The tax was upheld on the strip clubs:

In this case, the tax is triggered by nudity, which the (U.S.) Supreme Court has specifically declared ‘is not an inherently expressive condition. We find nothing in the record before us — either (in) the tax’s legislative history or in the text of the tax itself — establishing that the tax was enacted with the predominant purpose of suppressing protected expression.

However, the tax was ruled unconstitutional as far as escort services. The statute doesn’t relate escort to nudity, and so it was ruled too broad:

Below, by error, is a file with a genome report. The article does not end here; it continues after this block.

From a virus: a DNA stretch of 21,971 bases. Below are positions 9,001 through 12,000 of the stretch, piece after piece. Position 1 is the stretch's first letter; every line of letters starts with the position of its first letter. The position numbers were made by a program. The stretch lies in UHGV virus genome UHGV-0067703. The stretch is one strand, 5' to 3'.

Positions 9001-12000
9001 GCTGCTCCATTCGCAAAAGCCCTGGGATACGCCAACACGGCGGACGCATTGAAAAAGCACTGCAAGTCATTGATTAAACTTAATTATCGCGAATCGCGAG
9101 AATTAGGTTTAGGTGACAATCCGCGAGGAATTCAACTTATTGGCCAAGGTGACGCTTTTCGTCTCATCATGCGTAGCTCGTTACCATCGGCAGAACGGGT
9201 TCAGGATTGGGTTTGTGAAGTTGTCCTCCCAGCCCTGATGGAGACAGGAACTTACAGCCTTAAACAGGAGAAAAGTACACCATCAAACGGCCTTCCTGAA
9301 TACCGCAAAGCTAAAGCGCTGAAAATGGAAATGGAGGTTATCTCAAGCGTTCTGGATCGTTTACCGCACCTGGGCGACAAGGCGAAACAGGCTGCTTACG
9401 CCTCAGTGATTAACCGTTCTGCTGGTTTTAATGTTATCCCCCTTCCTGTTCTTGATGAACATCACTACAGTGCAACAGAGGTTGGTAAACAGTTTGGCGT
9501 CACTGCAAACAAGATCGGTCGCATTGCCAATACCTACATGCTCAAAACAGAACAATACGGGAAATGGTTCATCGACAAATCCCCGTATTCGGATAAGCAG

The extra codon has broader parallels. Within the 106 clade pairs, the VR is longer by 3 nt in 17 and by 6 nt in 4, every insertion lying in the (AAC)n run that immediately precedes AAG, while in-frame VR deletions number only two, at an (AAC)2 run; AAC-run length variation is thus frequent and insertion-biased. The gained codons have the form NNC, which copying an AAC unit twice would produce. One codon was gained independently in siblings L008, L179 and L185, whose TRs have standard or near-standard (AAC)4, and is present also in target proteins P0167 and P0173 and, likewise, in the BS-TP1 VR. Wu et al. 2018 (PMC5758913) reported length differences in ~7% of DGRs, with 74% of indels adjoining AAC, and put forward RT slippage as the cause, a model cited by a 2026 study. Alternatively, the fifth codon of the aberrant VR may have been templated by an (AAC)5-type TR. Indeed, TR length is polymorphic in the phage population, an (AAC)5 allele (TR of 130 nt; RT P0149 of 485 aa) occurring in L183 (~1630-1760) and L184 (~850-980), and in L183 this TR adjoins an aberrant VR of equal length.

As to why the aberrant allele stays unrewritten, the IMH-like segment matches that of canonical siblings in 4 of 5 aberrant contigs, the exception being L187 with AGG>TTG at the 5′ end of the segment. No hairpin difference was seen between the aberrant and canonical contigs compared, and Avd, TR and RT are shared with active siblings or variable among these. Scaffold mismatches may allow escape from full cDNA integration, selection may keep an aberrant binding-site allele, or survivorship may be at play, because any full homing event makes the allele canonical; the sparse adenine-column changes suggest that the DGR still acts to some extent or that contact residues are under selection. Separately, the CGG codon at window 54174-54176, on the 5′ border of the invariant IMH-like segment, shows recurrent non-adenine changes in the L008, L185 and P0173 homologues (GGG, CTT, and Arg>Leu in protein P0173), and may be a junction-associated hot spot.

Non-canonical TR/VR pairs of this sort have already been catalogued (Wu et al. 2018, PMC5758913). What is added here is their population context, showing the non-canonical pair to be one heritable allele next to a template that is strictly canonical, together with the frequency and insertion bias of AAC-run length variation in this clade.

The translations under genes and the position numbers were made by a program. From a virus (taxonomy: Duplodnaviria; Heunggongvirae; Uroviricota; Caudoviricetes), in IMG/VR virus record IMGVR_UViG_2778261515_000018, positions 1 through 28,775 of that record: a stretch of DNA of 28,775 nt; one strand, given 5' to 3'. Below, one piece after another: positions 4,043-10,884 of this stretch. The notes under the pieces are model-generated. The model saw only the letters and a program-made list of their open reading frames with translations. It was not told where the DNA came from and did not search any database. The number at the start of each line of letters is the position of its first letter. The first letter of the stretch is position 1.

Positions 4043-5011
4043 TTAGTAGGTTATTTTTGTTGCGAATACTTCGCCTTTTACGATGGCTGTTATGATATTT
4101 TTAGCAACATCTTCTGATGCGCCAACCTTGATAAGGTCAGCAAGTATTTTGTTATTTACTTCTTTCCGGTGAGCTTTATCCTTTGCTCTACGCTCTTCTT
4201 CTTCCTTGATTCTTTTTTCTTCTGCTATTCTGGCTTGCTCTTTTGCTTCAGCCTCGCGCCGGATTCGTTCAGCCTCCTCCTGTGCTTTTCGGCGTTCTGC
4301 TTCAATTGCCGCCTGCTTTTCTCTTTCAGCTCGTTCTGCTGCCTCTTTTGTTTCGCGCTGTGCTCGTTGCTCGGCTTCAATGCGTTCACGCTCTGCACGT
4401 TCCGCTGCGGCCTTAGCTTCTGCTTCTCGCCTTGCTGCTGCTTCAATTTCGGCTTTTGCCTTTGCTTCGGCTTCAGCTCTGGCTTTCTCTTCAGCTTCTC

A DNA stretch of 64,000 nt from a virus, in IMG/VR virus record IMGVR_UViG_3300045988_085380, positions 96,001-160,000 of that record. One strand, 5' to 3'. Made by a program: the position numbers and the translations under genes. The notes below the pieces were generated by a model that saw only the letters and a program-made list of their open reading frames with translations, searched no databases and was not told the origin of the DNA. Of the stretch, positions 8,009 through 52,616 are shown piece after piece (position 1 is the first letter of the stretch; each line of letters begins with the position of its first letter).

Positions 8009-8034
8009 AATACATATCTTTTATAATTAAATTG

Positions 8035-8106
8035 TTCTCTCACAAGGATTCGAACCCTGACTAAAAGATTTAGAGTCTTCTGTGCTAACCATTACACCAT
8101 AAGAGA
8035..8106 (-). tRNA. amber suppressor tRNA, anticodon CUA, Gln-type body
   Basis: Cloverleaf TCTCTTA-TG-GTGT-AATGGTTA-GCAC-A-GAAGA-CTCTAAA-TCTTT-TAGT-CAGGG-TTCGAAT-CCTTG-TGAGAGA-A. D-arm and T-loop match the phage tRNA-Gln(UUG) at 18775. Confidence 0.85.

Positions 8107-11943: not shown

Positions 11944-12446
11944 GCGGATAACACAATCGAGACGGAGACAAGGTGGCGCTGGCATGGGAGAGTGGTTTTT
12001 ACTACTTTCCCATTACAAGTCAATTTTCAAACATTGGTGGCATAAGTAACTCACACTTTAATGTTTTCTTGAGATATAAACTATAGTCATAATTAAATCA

The tax defines an ‘escort’ as anyone who accompanies another for compensated companionship…Therefore, according to the plain terms of the statute, individuals who are paid for providing care for the elderly as well as those who are paid as tour guides would fall within the definition of an ‘escort,’ and any person or business who employs them would be subject to the tax.

So good news for escort services, for now, but bad news for strip clubs. Unless the nudity vanishes—and that would, one assumes, defeat the purpose—Utah’s strip club tax is constitutional.